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Macwatters, M.R. (1921). A Birth of the Hero Myth from Kashmir. Int. J. Psycho-Anal., 2:416-419.

(1921). International Journal of Psycho-Analysis, 2:416-419

A Birth of the Hero Myth from Kashmir

M. R.C. Macwatters

The Valley of Kashmir is a wide alluvial plain which to this day is liable to disastrous floods because at its outlet the main river escapes through a narrow gorge which obstructs the escape of any considerable accumulation of water. In fact the whole valley is almost as dependent as Holland on its drainage and other engineering works.

The first serious attempt to protect it by dams and drainage operations was made by Suyya in the ninth century and an account of his exploits is given by a historian named Kalhanawho wrote three centuries later. Although much of his story appears to be historical, the account of Suyya's origin is a typical birth-myth, which utilizes a part of his engineering exploits for its symbolic expression. Kalhana recounts how such protective works as already existed had been neglected by a series of kings until the reign of Avantivarnam and how famine had come upon the land in consequence. He then proceeds as follows:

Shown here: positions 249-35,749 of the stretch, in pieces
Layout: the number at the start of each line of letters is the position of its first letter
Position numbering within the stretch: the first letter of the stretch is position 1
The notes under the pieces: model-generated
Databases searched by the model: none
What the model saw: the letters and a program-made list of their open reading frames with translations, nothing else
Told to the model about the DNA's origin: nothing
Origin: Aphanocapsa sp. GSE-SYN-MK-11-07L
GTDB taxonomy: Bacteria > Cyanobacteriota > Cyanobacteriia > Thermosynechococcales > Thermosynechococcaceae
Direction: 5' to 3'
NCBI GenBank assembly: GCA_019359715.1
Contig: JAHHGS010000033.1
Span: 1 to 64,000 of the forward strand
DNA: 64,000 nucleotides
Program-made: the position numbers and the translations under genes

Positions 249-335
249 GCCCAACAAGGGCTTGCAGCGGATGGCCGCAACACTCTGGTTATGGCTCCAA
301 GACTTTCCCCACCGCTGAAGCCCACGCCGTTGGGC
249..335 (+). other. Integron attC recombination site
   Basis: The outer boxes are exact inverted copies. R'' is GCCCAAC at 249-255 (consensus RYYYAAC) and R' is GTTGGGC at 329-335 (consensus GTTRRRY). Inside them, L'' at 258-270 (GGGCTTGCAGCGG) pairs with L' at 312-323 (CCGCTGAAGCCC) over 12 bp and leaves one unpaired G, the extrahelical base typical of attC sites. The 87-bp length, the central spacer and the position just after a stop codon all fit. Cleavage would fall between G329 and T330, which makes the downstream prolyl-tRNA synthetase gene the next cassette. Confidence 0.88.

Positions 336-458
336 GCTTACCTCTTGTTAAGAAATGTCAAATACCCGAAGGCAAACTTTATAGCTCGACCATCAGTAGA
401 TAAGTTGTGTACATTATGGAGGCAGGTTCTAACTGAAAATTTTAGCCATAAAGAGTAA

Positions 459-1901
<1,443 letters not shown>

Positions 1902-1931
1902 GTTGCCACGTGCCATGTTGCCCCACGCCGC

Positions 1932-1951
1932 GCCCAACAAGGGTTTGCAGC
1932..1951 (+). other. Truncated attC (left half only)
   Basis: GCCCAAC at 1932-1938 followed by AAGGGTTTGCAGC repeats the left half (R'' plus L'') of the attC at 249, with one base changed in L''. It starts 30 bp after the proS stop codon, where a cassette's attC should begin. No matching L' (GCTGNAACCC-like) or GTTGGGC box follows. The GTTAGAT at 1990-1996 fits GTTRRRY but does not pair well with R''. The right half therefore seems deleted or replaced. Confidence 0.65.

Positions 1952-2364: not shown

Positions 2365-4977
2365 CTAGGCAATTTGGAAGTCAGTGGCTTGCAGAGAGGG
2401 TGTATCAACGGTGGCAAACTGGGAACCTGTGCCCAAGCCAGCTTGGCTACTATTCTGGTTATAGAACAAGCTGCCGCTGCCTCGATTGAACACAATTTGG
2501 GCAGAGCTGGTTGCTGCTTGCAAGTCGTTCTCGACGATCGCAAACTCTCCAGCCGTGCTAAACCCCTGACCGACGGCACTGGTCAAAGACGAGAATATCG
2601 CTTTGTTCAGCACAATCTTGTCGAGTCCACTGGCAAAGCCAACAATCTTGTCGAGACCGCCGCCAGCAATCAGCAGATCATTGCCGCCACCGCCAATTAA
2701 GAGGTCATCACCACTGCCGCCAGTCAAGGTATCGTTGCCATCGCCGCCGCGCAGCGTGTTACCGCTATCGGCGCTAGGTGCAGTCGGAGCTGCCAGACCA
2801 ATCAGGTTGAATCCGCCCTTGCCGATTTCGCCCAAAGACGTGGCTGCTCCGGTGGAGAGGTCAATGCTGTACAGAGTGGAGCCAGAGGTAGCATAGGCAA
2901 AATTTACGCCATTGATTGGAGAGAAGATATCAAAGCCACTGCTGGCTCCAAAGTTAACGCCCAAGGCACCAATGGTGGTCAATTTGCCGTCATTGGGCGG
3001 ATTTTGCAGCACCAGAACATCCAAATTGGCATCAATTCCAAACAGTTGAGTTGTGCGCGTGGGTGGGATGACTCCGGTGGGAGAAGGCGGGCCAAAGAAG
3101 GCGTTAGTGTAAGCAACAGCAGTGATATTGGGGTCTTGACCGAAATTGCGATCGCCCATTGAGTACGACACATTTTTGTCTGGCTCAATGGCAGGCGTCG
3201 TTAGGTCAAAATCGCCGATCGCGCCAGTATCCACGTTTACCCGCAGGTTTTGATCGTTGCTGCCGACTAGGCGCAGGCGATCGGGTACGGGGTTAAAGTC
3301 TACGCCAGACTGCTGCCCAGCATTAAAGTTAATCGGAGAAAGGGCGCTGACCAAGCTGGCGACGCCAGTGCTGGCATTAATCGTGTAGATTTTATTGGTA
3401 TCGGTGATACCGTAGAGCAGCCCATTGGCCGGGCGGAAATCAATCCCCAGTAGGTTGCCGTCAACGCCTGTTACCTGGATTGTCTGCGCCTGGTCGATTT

Chapter V, Paragraph 72. Then through the merits of Avantivarnam there descended to earth the Lord of Food himself, the illustrious Suyya to give fresh life to the people.

73. The origin of the wise man was not known, and his deeds which made the world wonder proved that though [he appeared] in the fourth period (Yuga) he was not born from a [woman's] womb.

74. Once a Candala woman, Suyya by name, found when sweeping up a dust heap on the road a fresh earthen vessel fitted with a cover.

75. Raising the cover she saw lying in it a baby, which had eyes like two lotus leaves and was sucking his fingers.

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